“Forgive us our debts, as we also have forgiven our debtors.” Matthew 6:12
You deserve to be angry. It wasn’t fair, and it certainly wasn’t right. God would see it your way. He’d agree. It shouldn’t have happened to you. No, there’s no way you can let this one go.
I imagine those thoughts are familiar to you. I’ve had them. I’m sure you have too. Hurts, betrayals, and unfair treatment send us reeling. At our core, we want someone to pay. We need someone to pay . . . or at the very least, be sorry.
We often wear our need for others to repent and make things right like chains. We carry our resentment with us. It hangs on us, clinging to us like a net, and everything we do and say must get filtered through its tangled layers. Even the prayers we lift to the Father.
We’ve spent the last few weeks considering prayer together, exploring its purpose and looking at how we can pray with a power that opens the heavens. Today, we take a peek at a destructive force that hinders them.
As Jesus taught His disciples to pray, He included Matthew 6:12 in His model:
“Forgive us our debts, as we also have forgiven our debtors.”
If you’re like me, perhaps the verse is so familiar to you that you may have missed its significance. Have you ever really thought about what Jesus is saying with those words? His plea for God’s forgiveness is attached to a clause, “as we also have forgiven our debtors.” Jesus asked God to forgive us in the same way that we have forgiven others who have hurt us.
Think about that for a minute. If we seek God’s forgiveness in the same way that we forgive others, what will happen when we refuse to forgive and harbor bitterness and resentment in our hearts? I’ll let Jesus answer that for you.
"For if you forgive men when they sin against you, your heavenly Father will also forgive you. But if you do not forgive men their sins, your Father will not forgive your sins."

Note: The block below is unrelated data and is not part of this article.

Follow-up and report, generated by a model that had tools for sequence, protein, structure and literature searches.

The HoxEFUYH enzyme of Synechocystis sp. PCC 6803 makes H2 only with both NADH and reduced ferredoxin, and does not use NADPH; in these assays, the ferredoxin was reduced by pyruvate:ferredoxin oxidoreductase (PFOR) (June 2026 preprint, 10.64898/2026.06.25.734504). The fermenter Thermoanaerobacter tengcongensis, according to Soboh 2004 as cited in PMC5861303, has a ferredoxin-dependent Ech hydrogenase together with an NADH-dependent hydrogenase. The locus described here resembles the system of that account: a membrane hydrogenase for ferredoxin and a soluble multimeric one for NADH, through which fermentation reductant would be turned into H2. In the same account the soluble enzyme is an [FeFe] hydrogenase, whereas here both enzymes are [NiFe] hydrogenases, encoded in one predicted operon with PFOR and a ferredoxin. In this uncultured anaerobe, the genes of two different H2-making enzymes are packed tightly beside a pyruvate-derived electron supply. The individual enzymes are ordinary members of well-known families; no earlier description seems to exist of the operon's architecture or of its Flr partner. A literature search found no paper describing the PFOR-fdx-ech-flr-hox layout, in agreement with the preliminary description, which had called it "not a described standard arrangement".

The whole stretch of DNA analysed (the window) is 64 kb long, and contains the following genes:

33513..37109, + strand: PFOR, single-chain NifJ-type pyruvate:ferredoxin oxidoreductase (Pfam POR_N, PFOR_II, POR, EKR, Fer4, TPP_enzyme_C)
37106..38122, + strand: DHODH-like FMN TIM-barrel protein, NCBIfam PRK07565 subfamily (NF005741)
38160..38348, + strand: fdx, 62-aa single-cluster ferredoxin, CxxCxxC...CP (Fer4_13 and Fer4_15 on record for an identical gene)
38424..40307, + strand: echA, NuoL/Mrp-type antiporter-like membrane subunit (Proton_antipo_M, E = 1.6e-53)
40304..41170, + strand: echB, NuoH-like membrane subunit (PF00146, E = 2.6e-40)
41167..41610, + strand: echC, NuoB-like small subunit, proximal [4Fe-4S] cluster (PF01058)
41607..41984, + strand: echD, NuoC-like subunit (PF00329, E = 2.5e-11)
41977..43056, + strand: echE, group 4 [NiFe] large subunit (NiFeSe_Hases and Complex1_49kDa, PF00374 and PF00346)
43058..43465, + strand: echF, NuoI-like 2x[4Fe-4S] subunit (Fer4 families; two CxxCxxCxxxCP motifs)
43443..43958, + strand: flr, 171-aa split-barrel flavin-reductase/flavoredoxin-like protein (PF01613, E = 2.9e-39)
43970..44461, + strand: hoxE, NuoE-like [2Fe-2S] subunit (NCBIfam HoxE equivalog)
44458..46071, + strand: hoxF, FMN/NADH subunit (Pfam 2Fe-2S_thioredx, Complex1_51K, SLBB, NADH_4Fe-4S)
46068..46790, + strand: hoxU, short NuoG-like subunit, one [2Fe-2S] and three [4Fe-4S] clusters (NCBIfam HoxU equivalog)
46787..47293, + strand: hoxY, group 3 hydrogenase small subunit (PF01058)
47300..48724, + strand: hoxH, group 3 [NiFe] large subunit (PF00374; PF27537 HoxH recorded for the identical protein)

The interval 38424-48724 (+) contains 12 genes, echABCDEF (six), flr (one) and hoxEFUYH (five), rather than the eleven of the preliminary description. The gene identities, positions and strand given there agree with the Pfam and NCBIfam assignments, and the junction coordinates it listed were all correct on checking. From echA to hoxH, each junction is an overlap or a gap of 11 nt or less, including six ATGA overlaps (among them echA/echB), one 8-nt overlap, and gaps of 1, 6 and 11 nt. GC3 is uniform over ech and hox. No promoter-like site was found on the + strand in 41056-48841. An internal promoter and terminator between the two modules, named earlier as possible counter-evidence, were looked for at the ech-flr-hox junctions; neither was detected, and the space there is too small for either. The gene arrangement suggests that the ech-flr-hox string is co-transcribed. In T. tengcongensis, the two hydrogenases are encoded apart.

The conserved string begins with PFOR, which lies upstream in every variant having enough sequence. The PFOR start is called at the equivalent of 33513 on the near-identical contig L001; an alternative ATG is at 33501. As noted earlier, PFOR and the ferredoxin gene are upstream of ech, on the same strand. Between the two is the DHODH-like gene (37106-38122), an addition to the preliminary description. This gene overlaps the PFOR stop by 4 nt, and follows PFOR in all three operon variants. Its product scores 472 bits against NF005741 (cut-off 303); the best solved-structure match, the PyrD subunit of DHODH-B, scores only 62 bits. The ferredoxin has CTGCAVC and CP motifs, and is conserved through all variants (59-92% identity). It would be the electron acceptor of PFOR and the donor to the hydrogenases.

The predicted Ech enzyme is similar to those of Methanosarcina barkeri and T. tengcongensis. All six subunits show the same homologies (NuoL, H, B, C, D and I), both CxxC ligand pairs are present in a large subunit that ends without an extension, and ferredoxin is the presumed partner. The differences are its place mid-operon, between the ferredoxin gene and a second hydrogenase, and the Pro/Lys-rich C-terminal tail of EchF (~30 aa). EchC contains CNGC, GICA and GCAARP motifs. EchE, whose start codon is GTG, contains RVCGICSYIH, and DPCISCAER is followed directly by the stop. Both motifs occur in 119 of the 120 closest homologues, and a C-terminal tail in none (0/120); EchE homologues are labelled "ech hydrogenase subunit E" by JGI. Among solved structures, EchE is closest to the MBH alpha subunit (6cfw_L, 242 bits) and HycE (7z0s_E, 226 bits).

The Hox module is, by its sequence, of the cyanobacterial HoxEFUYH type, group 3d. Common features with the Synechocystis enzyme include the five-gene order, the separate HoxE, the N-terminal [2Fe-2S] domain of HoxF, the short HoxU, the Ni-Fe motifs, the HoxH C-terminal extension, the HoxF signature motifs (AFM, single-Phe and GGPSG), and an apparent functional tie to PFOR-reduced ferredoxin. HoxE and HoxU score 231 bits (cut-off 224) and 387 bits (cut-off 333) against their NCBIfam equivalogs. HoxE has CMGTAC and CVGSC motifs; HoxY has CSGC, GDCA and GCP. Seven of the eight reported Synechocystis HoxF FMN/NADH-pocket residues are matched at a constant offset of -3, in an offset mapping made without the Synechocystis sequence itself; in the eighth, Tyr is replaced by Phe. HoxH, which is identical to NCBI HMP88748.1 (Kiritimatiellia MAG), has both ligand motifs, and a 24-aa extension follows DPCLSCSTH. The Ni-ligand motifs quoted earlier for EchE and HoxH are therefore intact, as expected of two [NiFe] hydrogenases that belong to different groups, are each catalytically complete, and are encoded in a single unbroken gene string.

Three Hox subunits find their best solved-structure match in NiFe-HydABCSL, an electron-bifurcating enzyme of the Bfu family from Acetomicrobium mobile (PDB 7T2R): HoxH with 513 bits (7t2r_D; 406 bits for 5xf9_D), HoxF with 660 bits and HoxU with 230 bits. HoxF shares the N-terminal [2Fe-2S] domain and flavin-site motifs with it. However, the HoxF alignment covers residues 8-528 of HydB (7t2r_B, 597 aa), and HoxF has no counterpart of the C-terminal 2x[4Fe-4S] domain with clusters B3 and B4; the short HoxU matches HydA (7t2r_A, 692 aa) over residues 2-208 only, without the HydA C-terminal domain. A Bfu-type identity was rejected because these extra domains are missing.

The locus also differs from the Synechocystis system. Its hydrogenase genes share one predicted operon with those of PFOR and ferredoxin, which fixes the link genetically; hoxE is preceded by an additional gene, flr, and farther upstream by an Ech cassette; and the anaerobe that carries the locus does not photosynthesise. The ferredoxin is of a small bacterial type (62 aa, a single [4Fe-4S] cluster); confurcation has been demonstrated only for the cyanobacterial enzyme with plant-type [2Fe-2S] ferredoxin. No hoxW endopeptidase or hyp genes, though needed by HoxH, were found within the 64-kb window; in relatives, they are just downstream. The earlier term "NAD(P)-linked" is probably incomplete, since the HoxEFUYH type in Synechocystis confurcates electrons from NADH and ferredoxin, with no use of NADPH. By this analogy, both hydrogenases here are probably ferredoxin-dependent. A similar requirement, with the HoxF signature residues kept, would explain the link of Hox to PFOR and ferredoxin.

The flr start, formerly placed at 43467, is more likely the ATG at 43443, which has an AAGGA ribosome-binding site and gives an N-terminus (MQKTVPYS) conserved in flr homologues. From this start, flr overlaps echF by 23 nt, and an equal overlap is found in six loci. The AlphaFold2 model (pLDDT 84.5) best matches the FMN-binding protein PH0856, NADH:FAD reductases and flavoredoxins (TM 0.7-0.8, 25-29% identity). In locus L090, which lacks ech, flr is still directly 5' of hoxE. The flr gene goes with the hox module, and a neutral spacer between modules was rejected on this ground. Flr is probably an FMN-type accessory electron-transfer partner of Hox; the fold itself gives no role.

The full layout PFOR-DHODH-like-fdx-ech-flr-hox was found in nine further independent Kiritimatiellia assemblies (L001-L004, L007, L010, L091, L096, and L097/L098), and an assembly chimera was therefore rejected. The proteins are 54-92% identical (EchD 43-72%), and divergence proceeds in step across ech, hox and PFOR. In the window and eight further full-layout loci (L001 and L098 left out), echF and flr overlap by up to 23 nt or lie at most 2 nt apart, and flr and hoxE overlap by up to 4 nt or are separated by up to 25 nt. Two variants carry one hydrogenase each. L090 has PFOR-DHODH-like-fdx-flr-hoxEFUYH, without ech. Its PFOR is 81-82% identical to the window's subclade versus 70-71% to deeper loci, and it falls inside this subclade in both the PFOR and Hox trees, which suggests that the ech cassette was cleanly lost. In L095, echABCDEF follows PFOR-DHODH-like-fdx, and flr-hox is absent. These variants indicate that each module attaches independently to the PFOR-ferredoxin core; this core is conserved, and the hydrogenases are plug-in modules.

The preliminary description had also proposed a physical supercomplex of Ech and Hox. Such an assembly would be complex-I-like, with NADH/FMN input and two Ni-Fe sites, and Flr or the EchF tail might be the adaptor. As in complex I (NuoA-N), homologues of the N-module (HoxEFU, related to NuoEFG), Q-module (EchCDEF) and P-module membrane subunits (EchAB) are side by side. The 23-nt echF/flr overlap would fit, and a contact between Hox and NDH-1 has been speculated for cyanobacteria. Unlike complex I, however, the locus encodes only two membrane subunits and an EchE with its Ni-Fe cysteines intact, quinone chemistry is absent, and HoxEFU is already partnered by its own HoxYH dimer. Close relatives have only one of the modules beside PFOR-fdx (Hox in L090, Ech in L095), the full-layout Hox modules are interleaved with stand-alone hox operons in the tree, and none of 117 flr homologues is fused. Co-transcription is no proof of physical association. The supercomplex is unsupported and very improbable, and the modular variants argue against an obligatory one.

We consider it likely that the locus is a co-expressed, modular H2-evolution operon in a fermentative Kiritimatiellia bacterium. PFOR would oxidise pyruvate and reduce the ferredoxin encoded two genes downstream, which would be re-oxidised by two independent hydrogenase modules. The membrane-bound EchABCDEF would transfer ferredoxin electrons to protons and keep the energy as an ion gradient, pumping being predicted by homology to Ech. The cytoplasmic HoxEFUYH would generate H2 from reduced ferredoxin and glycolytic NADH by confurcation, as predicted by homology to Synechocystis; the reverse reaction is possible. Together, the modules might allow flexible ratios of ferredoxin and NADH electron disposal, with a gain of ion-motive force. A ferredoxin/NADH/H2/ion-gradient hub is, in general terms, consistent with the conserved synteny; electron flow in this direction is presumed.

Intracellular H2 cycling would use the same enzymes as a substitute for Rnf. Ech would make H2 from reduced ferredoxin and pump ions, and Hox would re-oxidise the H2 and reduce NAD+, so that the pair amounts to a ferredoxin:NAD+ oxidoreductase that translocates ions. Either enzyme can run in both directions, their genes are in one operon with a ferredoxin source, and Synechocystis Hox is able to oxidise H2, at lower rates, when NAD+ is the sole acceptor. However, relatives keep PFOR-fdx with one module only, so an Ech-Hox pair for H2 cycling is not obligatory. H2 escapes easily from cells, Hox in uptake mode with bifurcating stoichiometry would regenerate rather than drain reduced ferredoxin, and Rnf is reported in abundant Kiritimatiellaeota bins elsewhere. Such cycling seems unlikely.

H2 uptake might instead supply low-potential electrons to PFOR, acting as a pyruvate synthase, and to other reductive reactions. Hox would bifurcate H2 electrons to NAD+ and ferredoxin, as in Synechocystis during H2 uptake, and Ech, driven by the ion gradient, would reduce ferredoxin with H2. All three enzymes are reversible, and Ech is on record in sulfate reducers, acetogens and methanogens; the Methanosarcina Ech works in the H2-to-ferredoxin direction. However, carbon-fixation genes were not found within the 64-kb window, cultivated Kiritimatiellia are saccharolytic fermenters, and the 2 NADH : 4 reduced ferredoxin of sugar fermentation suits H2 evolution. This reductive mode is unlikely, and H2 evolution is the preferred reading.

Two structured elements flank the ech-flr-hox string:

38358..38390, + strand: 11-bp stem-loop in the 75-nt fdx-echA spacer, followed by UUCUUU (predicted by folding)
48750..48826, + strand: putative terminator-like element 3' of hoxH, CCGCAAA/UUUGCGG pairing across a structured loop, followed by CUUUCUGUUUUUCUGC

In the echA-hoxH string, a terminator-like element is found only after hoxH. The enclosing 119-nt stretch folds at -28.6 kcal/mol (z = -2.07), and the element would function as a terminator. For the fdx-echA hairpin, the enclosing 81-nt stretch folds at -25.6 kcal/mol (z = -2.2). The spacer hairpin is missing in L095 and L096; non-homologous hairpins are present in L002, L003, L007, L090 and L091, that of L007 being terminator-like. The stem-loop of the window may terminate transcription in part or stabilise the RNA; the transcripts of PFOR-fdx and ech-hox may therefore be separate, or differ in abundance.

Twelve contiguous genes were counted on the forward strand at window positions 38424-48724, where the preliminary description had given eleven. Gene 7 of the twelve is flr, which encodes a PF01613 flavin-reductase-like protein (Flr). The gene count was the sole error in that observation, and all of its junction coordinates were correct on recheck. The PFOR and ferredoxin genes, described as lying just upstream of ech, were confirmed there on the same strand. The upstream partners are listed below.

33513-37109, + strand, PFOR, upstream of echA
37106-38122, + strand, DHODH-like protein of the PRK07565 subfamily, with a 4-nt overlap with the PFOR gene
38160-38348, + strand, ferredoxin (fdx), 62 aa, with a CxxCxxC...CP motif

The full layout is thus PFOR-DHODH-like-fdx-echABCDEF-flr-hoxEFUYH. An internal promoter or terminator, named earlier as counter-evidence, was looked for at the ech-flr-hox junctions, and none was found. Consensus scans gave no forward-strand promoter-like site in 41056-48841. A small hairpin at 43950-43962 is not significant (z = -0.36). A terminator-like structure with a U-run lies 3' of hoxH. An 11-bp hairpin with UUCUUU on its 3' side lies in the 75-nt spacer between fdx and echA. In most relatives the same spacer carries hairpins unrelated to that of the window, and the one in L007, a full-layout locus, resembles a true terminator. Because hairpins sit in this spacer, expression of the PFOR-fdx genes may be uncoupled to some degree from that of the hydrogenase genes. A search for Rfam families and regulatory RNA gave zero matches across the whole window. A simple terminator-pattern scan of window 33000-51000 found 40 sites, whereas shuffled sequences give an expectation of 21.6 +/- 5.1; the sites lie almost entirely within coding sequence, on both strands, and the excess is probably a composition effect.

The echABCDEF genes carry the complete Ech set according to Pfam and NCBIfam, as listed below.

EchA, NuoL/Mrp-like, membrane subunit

Dear one, there isn’t anything we need in this life more than God’s forgiveness. Forgiveness secures our release from sin and opens our access to have intimate relationship with our heavenly Father. We receive God’s forgiveness the moment we repent of our sin and put our faith in His Son, Jesus. Praise His Name, Jesus took all of our sin upon Himself so we could be free!
And yet, we still sin. Here’s the good news: we can never sin our way out of our salvation. But sin that we carry with us and refuse to repent of will hinder our relationship with God, removing us from His favor and blessing. In fact, harboring sin in our hearts causes God’s ear to close to the prayers we lift in our need.
“Surely the arm of the LORD is not too short to save, nor his ear too dull to hear. But your iniquities have separated you from your God; your sins have hidden his face from you, so that he will not hear.” Isaiah 59:1-2
Verse one assures us that God is mighty and able to rescue us! He is also able to hear us when we cry out to Him in our need. Our sins, however, separate us from the intimacy we should enjoy with God and turn His ear away from us. If we want God to hear and answer our prayers, we need an open channel. Sincerely confessing our sin ushers in God’s forgiveness. With forgiveness comes His power. Consider 1 John 1:9.
“If we confess our sins, he is faithful and just and will forgive us our sins and purify us from all unrighteousness.for”
Praise Jesus, God is faithful to forgive! The question before us is this: Are we?
When we refuse to forgive, we sin against God. We tell Him we don’t trust Him as the Righteous Judge and we’ve decided we should handle it. Our stubborn refusal to release the wrongs done to us pushes God away and invites the enemy of our souls to wreak a little havoc. Not only will harboring bitterness keep God at a distance, but it will keep you bound in your own chains. You will be forgiven as you also forgive.
Has resentment left its chains on you? Ask God to work forgiveness in your heart. It doesn’t let anyone else off the hook. Just you. And as you forgive, you allow God’s forgiveness to penetrate your own soul, releasing you of burdens you weren’t designed to carry. That freedom will leave the channel between you and God open, creating an unobstructed doorway for your prayers to not only rise to His throne, but for His answers to come down.
Forgive, dear one, and be free to receive.